Fig. 1. pronation-supination

Physiotherapist explains foot pronation & supination

A physiotherapist explains Pronation and supination as  movements that occur at the subtalar joint of the foot. The normal biomechanics of the foot are designed to absorb and direct the forces occurring throughout the gait cycle. As the foot is loaded, eversion of the subtalar joint, dorsiflextion of the ankle, and abduction of the forefoot occur. This is the pronation part of the gait cycle. Pronation should not continue past the latter stages of midstance during the gait cycle. At this stage the foot should then supinate in preparation for toe-off. Approximately four degrees of pronation and supination are necessary to enable the foot to propel forward properly. Any increase on this four degrees brings a foot into over-supination or over-pronation.


Pronation – physiotherapist explaination

Pronation of the foot is where the heel and the little toe move away from the center of the body. The foot also dorsiflexes up slightly, the ankle rolling inwards. Pronation is part of the natural movement of the human body. Certain injuries can occur with excessive pronation.  Runners with flat feet often tend to overpronate. Over-pronation can contribute to many injuries. These include shin splints, anterior compartment syndrome, patello-femoral pain syndrome, plantar fasciitis, tarsal tunnel syndrome, bunions (hallux valgus), achilles tendonopathies etc. The running shoes of over-pronators often show extra wear on the inner heel and ball of the foot.


Supination – physiotheraist explaination

With supination the heel and also the big toe rotate towards the centre of the body. The foot flexes down and the ankle rolls out. It is the opposite of pronation. A natural amount of supination occurs during the push-off phase of the running gait. This occurs as the heel lifts off the ground and the forefoot and toes are used to propel the body forward. However, excessive supination  places a large strain on the muscles and tendons that stabilize the ankle. This can make the oversupinator more prone to ankle sprain or ankle ligament rupture.

With over-supination the forces of impact on the foot are concentrated on a smaller area of the foot (the outside part), and are not distributed as efficiently. In the push-off phase, most of the work is done by the smaller toes on the outside of the foot, rather than the big toe. This places extra stress on the foot. It can lead to conditions such as iliotibial band syndrome, Achilles tendinitis, or plantar fasciitis. Over-supination causes the outer edge of running shoes to wear sooner. In extreme cases, there will also be holes in the uppers where the runner’s foot has broken through. Runners with high arches and tight Achilles tendons/calves tend to be over-supinators.



Properly prescribed foot orthotics can be beneficial in the treatment of over-pronation or over-supination. Physiotherapists usually supply both off the shelf and/or custom made orthotics. We  prescribe these only when we really feel they are necessary. Often the much cheaper off the shelf version will do the trick. It is important to get a quality product, prescribed by an experienced practitioner. Sometimes you just have an injury that needs  treatment and there is no need for an orthotic. Also high arches or a flat feet do not mean in itself you need orthotics, especially if you are not in pain.





MetatarsalgiaMetatarsalgia is the name given to pain in the front part of your foot under the heads of your metatarsal bones ( ball of foot, just before toes). It is usually worse when standing or walking etc.  and occurs most frequently in the second, third/or fourth metatarsal joints or isolated in the first metatarsal joint. Metatarsalgia usually comes on gradually over some weeks rather than suddenly. The affected area of your foot may also feel tender on palpation by your physiotherapist.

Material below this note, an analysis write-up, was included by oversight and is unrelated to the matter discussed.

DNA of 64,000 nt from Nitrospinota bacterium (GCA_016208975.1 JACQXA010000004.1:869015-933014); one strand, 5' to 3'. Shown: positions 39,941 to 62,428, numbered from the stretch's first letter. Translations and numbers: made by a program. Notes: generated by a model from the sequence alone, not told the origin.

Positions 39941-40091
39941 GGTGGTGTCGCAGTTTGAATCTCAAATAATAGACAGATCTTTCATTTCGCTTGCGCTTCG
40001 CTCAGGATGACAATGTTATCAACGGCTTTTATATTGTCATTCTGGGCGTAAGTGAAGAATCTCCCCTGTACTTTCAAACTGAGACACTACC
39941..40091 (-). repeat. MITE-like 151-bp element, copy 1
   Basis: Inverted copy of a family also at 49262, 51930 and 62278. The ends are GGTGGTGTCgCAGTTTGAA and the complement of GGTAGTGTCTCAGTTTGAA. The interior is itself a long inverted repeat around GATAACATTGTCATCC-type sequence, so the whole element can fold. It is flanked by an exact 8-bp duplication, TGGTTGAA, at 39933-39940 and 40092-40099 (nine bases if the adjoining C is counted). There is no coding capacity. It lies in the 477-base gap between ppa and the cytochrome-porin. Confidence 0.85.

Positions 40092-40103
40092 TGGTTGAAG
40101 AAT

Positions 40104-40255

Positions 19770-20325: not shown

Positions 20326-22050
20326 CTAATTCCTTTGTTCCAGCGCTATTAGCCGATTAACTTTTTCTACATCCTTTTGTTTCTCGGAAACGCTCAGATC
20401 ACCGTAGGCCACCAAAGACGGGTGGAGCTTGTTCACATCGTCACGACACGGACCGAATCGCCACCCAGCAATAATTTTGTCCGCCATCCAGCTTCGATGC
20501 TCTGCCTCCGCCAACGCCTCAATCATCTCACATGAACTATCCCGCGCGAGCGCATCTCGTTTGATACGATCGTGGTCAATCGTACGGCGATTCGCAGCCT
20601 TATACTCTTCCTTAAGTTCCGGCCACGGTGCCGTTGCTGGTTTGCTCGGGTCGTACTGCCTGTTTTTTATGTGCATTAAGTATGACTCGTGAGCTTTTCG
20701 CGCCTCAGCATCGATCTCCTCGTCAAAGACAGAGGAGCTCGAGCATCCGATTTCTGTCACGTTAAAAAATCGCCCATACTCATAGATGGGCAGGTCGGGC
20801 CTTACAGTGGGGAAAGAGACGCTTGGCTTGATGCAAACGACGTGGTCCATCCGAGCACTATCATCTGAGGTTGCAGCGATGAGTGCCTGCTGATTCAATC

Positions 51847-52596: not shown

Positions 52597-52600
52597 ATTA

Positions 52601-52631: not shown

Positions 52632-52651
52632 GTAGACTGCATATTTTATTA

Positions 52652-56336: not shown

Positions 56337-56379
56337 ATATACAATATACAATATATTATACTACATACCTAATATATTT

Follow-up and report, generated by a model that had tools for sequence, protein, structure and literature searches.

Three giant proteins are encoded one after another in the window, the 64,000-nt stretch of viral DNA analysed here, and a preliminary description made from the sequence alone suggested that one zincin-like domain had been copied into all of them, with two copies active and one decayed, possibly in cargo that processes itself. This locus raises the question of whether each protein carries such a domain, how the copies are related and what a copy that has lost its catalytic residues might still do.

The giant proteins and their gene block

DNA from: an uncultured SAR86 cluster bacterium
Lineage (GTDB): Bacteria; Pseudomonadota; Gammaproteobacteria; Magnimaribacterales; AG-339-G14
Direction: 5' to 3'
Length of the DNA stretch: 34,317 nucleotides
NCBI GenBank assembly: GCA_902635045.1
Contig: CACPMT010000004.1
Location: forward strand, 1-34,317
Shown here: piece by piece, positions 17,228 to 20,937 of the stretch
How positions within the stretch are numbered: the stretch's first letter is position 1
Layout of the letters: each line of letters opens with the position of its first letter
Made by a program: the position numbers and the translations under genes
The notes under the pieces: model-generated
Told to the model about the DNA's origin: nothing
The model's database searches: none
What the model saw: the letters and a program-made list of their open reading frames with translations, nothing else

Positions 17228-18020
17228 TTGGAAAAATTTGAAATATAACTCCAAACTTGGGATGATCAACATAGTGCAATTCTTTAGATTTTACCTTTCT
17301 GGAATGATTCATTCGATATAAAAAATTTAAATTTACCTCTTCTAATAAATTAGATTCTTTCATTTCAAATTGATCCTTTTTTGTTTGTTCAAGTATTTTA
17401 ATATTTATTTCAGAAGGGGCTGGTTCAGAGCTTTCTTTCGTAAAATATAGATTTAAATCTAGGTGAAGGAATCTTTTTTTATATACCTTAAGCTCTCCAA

Common causes identified by physiotherapists include:

  • Pes cavus or high arched foot.
  • Excessive pronation of the foot(foot rools inwards ie. with flat foot).
  • Clawing or hammer toes.
  • Tight extensor tendons of the toes.
  • Prominent metatarsal heads.
  • Morton’s foot – here there is a shortened first metatarsal, which results in an abnormal gait putting increased pressure on the second metarsal.
  • Over doing it in athletes such as runners and tennis players etc. can lead to inflammation in the joints due to the pounding they receive.
  • Being overweight puts extra stress on many areas of the foot including metatarsals.
  • Wearing high heels – forward force on feet increases the pressure on metatarsal area.
  • Having tightened calf muscles or poor ankle flexibility – this affects the normal gait pattern.
  • Poorly fitting or tight footwear can squeeze the metatarsal joints causing friction , inflammation and poor gait.

Simple measures can help to relieve the symptoms of metatarsalgia. These include:

  • Resting with your feet elevated where possible.
  • Losing weight if you are overweight.
  • Wearing supportive shoes that are well fitted, low-heeled and have a wide toe area.
  • Metatarsal pads and orthotic inserts for your shoes may help to relieve pain in your forefoot by reducing the pressure placed on the heads of your metatarsal bones.
  • Physiotherapy may also be helpful. This may include stretching out the spaces between the metatarsal and mobilising the joints of the foot or performing deep tissue massage to loosen your calf muscles or any other lower limb muscles that may be contributing to poor gait. Sometimes if a metatarsal head has dropped it can be manipulated back into place. Pain relief as a result of this mobilisation, when effective can be immense and long lasting.
  • Simple painkillers such as paracetamol and non-steroidal anti-inflammatories(NSAIDs) such as ibuprofen may help to relieve pain.